Good Stuff from John Piper and Phil Johnson

Good Stuff from John Piper

I’ve always appreciated Piper’s biographical lectures, but I thought his discussion of John Newton was particularly good. I appreciate God’s working in Newton’s life more, but I also appreciated other ministerial lessons—not the least of which is a comical discussion on the perils of speaking in principles rather than drawing vivid word images. Piper’s thoughts on the need for those in ministry (or anyone else) to balance “toughness” and “tenderness” are encouraging, too. Give it a listen.

Good Stuff from Phil Johnson

Phil Johnson (John MacArthur’s editor and the founder of Pyromaniacs) gave what looks to be a stellar message on Paul’s ministry in Athens. I’m hoping I can hear it soon, but the summary of the message is available at the Pulpit Magazine blog. What he said is very much in line with my recent post on Contextualization from the same passage—a post which garnered a fair amount of controversy (to the tune of 92 comments), though I still don’t understand the reason for the confusion. At any rate, I think Phil got it exactly right. (Which means, of course, that he agrees with me. Or I agree with him. Or we both agree with Paul. Whatever.) Here are some gems from the summary:

“In practice, contextualizers assimilate as much worldliness as possible in an attempt to earn the world’s esteem – because the idea is that if the world likes us they will also like our Jesus.”

“Paul did not adapt his message in any way to the basic values or belief systems of the Athenian culture.”

“In verses 29–30, Paul directly confronts the worldview of his philosophers. Paul makes numerous points that would have been offensive to those in his audience. He was challenging their most precious presuppositions. He was attacking the most precious aspects of their worldview. Paul summarily dismissed all of the fundamentals of Greek-style religion. He further insisted that the true God was not just another deity who belonged in the Greek pantheon. This was tantamount to a bold and wholesale dismissal of every aspect of Greek religion.”

“He even refers to their philosophical history and culture as “ignorance.” His message was highly and intentionally offensive.”

“In the sense that postmoderns use these terms, Paul did not employ culture, conversation, or contextualization in his sermon to the philosophers on Mars Hill.”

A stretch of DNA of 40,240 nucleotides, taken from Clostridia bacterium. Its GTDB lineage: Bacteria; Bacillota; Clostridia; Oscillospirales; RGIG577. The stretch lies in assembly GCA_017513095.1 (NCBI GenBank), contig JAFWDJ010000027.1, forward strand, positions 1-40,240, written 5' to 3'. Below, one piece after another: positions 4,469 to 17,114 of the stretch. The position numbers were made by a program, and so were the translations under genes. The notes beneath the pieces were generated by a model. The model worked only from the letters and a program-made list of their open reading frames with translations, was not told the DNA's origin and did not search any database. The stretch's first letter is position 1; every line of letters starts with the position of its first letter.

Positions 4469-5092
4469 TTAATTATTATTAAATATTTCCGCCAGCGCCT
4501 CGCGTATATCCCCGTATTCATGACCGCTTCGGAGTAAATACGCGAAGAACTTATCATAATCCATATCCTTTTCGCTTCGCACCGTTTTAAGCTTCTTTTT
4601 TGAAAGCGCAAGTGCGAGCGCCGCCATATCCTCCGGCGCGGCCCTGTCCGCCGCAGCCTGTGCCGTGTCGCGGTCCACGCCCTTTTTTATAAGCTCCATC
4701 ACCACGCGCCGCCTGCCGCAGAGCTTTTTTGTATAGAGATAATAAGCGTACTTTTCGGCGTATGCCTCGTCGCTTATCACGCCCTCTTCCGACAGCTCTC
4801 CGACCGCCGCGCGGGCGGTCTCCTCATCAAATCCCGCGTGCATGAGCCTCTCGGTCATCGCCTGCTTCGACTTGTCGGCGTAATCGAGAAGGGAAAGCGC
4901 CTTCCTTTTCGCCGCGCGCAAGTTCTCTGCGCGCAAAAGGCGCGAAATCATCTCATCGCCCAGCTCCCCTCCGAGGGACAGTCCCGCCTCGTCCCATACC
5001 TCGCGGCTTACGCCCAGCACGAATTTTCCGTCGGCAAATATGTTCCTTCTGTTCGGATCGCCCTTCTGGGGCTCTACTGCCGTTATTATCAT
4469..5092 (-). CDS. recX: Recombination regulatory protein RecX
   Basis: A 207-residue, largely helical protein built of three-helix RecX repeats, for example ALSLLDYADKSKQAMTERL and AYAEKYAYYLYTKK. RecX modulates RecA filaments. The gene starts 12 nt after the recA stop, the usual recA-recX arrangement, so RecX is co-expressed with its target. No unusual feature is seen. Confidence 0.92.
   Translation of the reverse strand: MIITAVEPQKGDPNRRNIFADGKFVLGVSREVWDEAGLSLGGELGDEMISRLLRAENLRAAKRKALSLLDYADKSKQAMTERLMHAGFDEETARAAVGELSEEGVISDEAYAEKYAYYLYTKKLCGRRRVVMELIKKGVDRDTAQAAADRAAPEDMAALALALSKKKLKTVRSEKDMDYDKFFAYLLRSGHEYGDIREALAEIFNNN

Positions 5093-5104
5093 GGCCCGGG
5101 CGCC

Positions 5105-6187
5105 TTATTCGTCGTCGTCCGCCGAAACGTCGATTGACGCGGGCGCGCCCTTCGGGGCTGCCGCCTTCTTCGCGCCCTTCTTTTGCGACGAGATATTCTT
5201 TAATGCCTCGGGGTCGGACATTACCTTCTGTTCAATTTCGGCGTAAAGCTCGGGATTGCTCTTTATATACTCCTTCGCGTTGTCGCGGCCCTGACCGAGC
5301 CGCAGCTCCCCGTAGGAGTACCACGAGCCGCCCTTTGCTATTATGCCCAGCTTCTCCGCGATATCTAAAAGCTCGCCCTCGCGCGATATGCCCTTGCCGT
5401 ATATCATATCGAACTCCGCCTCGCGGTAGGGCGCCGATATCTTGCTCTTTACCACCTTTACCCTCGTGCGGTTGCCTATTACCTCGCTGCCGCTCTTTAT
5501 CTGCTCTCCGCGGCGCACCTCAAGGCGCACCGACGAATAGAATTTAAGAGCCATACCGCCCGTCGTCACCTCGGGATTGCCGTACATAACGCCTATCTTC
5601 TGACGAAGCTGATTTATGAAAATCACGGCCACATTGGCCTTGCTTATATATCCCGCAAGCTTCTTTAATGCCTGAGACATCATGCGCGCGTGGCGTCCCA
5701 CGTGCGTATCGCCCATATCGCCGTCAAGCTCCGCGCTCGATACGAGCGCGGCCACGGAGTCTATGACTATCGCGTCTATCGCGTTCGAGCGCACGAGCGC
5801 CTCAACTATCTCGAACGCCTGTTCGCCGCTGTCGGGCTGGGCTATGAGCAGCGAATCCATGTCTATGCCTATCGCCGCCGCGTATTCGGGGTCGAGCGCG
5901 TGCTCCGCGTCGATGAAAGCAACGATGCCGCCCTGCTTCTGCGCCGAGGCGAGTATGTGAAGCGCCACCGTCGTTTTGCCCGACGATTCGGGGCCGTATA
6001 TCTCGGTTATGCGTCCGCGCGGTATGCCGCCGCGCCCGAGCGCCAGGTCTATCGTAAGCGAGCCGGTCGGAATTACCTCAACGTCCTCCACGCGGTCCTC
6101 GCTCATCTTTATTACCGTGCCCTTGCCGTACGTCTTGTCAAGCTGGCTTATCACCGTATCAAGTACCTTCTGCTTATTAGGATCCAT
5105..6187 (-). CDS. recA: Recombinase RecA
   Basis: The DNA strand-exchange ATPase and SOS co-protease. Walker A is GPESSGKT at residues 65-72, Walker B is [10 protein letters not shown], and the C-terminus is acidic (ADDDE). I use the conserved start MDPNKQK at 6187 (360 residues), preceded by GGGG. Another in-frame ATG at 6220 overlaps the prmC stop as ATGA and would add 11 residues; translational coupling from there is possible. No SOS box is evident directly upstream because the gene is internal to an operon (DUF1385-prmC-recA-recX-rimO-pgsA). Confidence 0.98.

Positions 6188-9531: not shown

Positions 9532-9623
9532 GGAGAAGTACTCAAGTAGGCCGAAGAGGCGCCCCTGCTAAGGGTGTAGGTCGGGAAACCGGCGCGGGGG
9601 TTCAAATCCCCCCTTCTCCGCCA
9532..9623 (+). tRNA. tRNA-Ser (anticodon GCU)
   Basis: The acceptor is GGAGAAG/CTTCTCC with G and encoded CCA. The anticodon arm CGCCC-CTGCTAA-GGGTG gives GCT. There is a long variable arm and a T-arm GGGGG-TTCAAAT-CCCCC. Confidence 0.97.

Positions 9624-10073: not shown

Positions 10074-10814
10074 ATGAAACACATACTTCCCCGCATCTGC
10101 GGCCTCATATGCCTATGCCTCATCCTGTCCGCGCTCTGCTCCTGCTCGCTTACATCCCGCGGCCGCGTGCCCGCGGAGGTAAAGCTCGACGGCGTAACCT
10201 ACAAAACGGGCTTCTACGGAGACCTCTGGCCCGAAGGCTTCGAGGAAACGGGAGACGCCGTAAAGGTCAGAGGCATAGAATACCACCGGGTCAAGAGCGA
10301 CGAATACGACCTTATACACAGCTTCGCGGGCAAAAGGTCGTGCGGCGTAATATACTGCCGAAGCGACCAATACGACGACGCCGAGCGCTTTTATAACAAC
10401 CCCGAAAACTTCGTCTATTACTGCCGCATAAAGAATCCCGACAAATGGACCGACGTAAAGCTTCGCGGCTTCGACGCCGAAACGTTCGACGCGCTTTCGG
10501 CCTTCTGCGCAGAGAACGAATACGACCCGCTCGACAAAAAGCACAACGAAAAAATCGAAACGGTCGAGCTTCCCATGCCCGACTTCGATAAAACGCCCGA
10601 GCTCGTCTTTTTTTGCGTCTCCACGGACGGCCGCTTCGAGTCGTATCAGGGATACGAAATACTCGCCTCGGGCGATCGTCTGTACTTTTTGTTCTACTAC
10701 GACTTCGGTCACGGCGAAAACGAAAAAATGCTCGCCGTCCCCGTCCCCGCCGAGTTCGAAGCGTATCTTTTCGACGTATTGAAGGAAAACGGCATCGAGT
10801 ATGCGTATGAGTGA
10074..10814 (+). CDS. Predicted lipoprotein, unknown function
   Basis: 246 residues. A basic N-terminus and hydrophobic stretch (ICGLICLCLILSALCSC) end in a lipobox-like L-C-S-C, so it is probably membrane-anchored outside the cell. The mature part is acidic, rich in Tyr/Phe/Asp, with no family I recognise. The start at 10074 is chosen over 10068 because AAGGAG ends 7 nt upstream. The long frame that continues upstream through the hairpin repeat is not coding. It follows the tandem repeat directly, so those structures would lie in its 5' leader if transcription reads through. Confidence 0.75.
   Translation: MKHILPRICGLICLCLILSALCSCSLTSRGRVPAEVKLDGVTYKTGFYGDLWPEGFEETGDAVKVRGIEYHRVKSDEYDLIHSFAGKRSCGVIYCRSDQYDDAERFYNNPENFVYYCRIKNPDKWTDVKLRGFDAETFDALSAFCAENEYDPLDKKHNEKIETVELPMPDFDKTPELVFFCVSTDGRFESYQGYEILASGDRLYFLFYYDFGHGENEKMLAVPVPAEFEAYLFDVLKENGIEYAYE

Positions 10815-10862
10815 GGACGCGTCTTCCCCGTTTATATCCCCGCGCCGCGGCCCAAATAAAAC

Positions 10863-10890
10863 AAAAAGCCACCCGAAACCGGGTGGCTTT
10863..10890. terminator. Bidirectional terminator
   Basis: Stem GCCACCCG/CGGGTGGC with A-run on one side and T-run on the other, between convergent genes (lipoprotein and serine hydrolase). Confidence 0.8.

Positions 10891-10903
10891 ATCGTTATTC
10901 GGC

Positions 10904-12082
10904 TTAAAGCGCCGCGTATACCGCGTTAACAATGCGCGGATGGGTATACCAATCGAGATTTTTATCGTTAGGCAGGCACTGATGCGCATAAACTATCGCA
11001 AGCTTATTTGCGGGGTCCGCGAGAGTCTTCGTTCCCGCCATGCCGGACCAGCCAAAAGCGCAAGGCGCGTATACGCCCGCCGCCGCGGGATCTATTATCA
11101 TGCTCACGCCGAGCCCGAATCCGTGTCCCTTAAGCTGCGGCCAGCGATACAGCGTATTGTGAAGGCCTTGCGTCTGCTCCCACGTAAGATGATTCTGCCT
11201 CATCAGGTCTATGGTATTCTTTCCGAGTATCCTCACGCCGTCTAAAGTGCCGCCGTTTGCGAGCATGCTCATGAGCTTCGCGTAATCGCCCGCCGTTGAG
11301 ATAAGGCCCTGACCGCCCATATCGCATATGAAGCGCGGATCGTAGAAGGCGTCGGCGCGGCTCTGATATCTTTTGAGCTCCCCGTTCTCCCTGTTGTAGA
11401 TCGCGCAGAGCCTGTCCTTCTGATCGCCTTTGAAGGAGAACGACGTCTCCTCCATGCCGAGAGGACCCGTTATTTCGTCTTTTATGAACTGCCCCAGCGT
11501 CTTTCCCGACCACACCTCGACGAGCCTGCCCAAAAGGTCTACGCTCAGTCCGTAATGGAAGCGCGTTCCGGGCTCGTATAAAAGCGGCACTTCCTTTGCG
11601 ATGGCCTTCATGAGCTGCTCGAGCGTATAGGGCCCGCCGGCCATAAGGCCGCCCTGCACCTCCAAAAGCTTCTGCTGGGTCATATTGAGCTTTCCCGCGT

“This is a picture of what faithful ministry looks like. It doesn’t cower before the opposition or waver from the truth. It doesn’t shift and change its content to fit the felt-needs the audience. It has one theme, and that is Christ in His death and resurrection. And it has one strategy, to unpack the reality of Christ and His death and resurrection as clearly as possible.”

On a related note, I posted a summary of Phil’s lecture on postmodernism here.

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One Response

  1. “In practice, contextualizers assimilate as much worldliness as possible in an attempt to earn the world’s esteem – because the idea is that if the world likes us they will also like our Jesus.”

    Is this statement directed at a specific audience of “contextualizers”? I cannot imagine saying this is automaticaly true of everyone who seeks to make the Gospel comprehensible to his immediate culture. It seems like the author is making “contextualization” and “assimiliation/integration/compromise” synonymous terms (which they are not).

    “In the sense that postmoderns use these terms, Paul did not employ culture, conversation, or contextualization in his sermon to the philosophers on Mars Hill.”

    Okay, but in an object, truth-based epistemology, nobody communicates anything without employing culture, conversation, and contextualization.

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